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MySQL 5.4 Patches: Improvements to spin-loop
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In InnoDB there is an implementation of both mutexes
and RW-locks. The RW-locks implementation have been
improved by the Google SMP patches. Both of these
implementation relies on spin-loops as part of their
implementation. The defaults in InnoDB is to check
the condition, if it's not ok to enter to spin for
about 5 microseconds and then come back to check the
condition again.

If one reads the Intel manual how to do spin-loops
they propose to use a PAUSE instruction and then
check the condition again, so a much more active
checking of the condition. When we tried this out
using the sysbench benchmark we found that using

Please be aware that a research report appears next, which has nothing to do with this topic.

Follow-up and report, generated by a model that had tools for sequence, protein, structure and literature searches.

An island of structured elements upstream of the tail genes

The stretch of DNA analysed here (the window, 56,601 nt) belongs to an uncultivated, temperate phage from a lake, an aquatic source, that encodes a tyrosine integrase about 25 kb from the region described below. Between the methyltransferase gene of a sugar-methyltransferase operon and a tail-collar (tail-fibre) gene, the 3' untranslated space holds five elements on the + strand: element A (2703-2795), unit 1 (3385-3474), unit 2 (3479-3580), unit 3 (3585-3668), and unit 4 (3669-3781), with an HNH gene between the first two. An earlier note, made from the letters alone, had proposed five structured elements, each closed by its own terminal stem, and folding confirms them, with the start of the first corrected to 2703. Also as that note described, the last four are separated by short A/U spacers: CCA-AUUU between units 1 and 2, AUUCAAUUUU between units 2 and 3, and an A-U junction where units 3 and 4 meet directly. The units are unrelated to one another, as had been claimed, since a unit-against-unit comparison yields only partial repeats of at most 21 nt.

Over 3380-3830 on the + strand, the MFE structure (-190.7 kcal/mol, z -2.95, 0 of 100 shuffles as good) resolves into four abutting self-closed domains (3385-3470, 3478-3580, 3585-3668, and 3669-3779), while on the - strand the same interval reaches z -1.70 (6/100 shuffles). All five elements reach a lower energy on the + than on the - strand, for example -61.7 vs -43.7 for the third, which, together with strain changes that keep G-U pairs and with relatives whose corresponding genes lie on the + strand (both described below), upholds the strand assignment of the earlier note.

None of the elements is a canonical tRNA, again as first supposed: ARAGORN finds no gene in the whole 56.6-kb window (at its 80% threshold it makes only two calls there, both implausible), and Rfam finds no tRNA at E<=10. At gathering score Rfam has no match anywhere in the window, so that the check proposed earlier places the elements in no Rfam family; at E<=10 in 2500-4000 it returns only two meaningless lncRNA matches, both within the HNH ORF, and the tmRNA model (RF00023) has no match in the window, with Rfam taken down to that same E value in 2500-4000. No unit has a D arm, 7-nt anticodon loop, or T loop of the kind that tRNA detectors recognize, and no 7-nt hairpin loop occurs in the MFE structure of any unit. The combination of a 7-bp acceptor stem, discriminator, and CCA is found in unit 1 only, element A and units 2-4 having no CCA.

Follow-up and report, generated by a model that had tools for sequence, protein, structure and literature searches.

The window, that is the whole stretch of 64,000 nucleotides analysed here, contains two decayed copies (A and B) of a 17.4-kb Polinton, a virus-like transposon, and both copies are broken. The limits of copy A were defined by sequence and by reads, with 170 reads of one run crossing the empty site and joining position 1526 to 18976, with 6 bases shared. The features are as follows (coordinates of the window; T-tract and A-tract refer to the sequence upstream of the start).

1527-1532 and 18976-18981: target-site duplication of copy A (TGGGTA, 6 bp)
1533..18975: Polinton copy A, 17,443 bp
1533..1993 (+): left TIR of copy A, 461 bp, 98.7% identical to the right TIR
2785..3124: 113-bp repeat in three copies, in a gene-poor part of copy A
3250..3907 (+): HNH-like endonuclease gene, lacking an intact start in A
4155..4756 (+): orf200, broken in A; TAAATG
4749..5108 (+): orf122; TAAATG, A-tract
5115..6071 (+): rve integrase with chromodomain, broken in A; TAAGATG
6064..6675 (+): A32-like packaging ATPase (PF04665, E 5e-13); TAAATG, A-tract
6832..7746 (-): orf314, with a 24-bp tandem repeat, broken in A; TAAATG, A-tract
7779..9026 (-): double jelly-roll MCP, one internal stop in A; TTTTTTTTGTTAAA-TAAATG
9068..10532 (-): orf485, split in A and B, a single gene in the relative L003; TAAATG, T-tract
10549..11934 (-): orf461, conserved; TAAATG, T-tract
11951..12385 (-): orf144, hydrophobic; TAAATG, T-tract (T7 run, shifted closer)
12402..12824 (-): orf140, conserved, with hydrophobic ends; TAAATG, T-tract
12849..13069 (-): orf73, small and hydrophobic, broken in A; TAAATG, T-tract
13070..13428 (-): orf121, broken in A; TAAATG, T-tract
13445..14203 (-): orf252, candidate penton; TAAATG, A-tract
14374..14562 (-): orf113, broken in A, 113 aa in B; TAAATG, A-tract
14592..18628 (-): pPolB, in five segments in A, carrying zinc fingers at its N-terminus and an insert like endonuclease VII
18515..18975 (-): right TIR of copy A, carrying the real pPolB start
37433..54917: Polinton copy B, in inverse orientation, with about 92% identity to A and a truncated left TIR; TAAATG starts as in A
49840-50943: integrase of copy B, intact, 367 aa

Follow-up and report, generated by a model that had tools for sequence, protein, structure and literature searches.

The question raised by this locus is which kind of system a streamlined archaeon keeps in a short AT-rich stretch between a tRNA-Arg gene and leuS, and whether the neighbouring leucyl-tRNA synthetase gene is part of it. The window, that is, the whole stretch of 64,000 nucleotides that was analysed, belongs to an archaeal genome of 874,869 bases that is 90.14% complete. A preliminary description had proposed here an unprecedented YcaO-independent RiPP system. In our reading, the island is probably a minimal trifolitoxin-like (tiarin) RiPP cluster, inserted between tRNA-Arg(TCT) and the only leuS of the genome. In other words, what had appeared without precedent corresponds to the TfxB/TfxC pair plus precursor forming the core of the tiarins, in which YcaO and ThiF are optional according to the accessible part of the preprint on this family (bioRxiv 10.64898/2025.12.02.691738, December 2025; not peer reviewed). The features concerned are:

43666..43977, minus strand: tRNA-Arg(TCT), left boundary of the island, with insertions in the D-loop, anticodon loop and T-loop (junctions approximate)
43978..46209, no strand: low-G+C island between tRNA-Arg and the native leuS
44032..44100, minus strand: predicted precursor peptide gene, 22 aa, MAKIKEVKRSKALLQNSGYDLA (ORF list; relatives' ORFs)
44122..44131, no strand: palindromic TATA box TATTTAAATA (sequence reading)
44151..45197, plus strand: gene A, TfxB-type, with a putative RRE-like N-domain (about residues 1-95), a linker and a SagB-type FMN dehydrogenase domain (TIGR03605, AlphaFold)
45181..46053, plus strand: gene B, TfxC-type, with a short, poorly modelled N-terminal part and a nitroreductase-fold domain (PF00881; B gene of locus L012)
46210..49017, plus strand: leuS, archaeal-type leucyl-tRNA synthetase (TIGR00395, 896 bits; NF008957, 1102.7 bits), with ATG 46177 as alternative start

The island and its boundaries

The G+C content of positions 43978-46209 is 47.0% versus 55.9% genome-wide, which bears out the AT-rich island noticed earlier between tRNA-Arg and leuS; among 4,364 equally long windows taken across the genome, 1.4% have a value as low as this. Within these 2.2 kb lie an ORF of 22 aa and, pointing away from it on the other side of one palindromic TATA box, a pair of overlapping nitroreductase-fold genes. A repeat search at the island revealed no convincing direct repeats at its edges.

the Intel approach worsened performance. So instead
we tried an approach of putting the PAUSE instruction
into the InnoDB spinloop instead.

This approach

















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DTrace, opensolaris and MySQL Performance
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Currently I'm working hard to find and remove scalability
bottlenecks in the MySQL Server. MySQL was acquired by Sun
10 months ago by now. Many people have in blogs wondered what
the impact has been from this acquisition. My personal
experience is that I now have a chance to work with Sun
experts in DBMS performance. As usual it takes time when
working on new challenges before the flow of inspiration
starts flowing. However I've seen this flow of inspiration
starting to come now, so the fruit of our joint work is
starting to bear fruit. I now have a much better understanding
of MySQL Server performance than I used to have. I know fairly
well where the bottlenecks are and I've started looking
into how they can be resolved.

Another interesting thing with Sun is the innovations they have
done in a number














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Showing entries 1 to 18